Research uncovers new protein to treat damaged bones

January 10, 2013
Research uncovers new protein to treat damaged bones
Osteoblasts actively synthesizing new bone. Credit: Robert M. Hunt via CC 3.0

Korean researchers believe that the 'DJ-1 protein' can be used to promote the formation of new bone tissue in patients suffering from osteoporosis by improving communication between bone making cells (osteoblasts) and blood vessel (endothelial) cells. The research was published in Nature Communications.

Professor Pann-Gill Suh and Dr. Jung-Min Kim at the School of Nano-Bioscience and Chemical Engineering, Ulsan National Institute of Science and Technology (UNIST) identified DJ-1 as a novel mediator of the cross-talk between osteoblasts and by screening molecules secreted from as yet undifferentiated human skeletal cells. These skeletal cells, also known as , have the ability to develop into fully fledged bone cells (osteoblasts).

The researchers showed that DJ-1 stimulates the differentiation of the yet undifferentiated skeletal cells into bone cells by activating fibroblasts, cells which in turn ensure connective tissue growth. Working with rodents, they were able to uncover previously undefined extracellular roles of DJ-1, to promote angiogenesis and osteogenesis, suggesting DJ-1 may have therapeutic potential to stimulate .

Explore further: New method for creating long-lived stem cells used for bone replacement

More information: "DJ-1 promotes angiogenesis and osteogenesis by activation FGF receptor-1 signaling": www.nature.com/ncomms/journal/ … full/ncomms2313.html

Related Stories

New method for creating long-lived stem cells used for bone replacement

December 4, 2012
Human mesenchymal stem cells (hMSCs) can develop into bone cells and are useful for tissue engineering and regeneration. However, when grown in the laboratory they quickly lose their ability to continue dividing and they ...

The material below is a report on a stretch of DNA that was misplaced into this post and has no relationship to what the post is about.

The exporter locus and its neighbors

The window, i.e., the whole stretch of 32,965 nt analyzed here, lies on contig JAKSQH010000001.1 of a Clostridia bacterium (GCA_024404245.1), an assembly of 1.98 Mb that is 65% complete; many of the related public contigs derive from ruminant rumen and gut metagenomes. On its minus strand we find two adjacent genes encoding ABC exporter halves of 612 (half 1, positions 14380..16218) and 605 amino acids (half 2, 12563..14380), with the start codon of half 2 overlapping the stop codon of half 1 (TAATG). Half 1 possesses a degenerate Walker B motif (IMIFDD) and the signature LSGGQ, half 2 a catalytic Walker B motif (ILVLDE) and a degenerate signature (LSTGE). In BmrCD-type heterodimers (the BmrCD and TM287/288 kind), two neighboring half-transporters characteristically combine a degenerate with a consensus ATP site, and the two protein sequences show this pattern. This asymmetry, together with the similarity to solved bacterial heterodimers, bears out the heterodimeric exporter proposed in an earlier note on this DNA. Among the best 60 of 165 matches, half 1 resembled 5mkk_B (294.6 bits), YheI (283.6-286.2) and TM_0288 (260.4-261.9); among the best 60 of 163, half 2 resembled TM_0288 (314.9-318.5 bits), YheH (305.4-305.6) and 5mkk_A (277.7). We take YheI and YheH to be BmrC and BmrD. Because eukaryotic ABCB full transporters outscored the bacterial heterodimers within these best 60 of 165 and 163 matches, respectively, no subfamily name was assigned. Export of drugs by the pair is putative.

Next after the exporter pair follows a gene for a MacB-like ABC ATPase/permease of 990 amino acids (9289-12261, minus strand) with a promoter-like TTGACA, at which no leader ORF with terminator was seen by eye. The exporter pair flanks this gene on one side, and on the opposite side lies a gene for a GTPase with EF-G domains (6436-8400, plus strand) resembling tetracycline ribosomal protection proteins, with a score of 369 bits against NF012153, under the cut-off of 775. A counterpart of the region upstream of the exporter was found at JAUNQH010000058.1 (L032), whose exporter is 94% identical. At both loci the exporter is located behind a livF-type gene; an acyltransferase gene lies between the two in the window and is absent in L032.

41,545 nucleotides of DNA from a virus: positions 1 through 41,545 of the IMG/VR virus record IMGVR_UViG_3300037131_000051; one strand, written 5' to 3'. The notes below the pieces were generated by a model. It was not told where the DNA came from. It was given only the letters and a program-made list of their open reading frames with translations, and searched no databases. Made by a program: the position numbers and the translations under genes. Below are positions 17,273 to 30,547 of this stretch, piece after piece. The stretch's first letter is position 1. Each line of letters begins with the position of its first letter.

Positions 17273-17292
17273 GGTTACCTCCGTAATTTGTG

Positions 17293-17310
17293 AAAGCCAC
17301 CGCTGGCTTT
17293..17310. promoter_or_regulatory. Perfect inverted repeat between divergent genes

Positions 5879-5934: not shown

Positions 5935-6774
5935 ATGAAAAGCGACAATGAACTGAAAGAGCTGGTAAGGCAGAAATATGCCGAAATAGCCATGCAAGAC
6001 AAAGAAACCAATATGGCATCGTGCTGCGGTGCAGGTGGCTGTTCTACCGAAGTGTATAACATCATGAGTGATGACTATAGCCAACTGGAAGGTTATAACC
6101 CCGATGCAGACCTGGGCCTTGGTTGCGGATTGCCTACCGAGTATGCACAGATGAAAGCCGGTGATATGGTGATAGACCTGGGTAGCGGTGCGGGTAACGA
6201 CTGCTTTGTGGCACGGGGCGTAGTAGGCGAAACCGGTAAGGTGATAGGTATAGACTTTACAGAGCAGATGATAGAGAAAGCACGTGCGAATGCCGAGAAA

Restoring what's lost: Uncovering how liver tissue regenerates

March 12, 2012
The liver is unique among mammalian organs in its ability to regenerate after significant tissue damage or even partial surgical removal.

Recommended for you

Molecular hitchhiker on human protein signals tumors to self-destruct

July 24, 2017
Powerful molecules can hitch rides on a plentiful human protein and signal tumors to self-destruct, a team of Vanderbilt University engineers found.

New vaccine production could improve flu shot accuracy

July 24, 2017
A new way of producing the seasonal flu vaccine could speed up the process and provide better protection against infection.

Researchers develop new method to generate human antibodies

July 24, 2017
An international team of scientists has developed a method to rapidly produce specific human antibodies in the laboratory. The technique, which will be described in a paper to be published July 24 in The Journal of Experimental ...

A sodium surprise: Engineers find unexpected result during cardiac research

July 20, 2017
Irregular heartbeat—or arrhythmia—can have sudden and often fatal consequences. A biomedical engineering team at Washington University in St. Louis examining molecular behavior in cardiac tissue recently made a surprising ...

Want to win at sports? Take a cue from these mighty mice

July 20, 2017
As student athletes hit training fields this summer to gain the competitive edge, a new study shows how the experiences of a tiny mouse can put them on the path to winning.

'Smart' robot technology could give stroke rehab a boost

July 19, 2017
Scientists say they have developed a "smart" robotic harness that might make it easier for people to learn to walk again after a stroke or spinal cord injury.

0 comments

Please sign in to add a comment. Registration is free, and takes less than a minute. Read more

Click here to reset your password.
Sign in to get notified via email when new comments are made.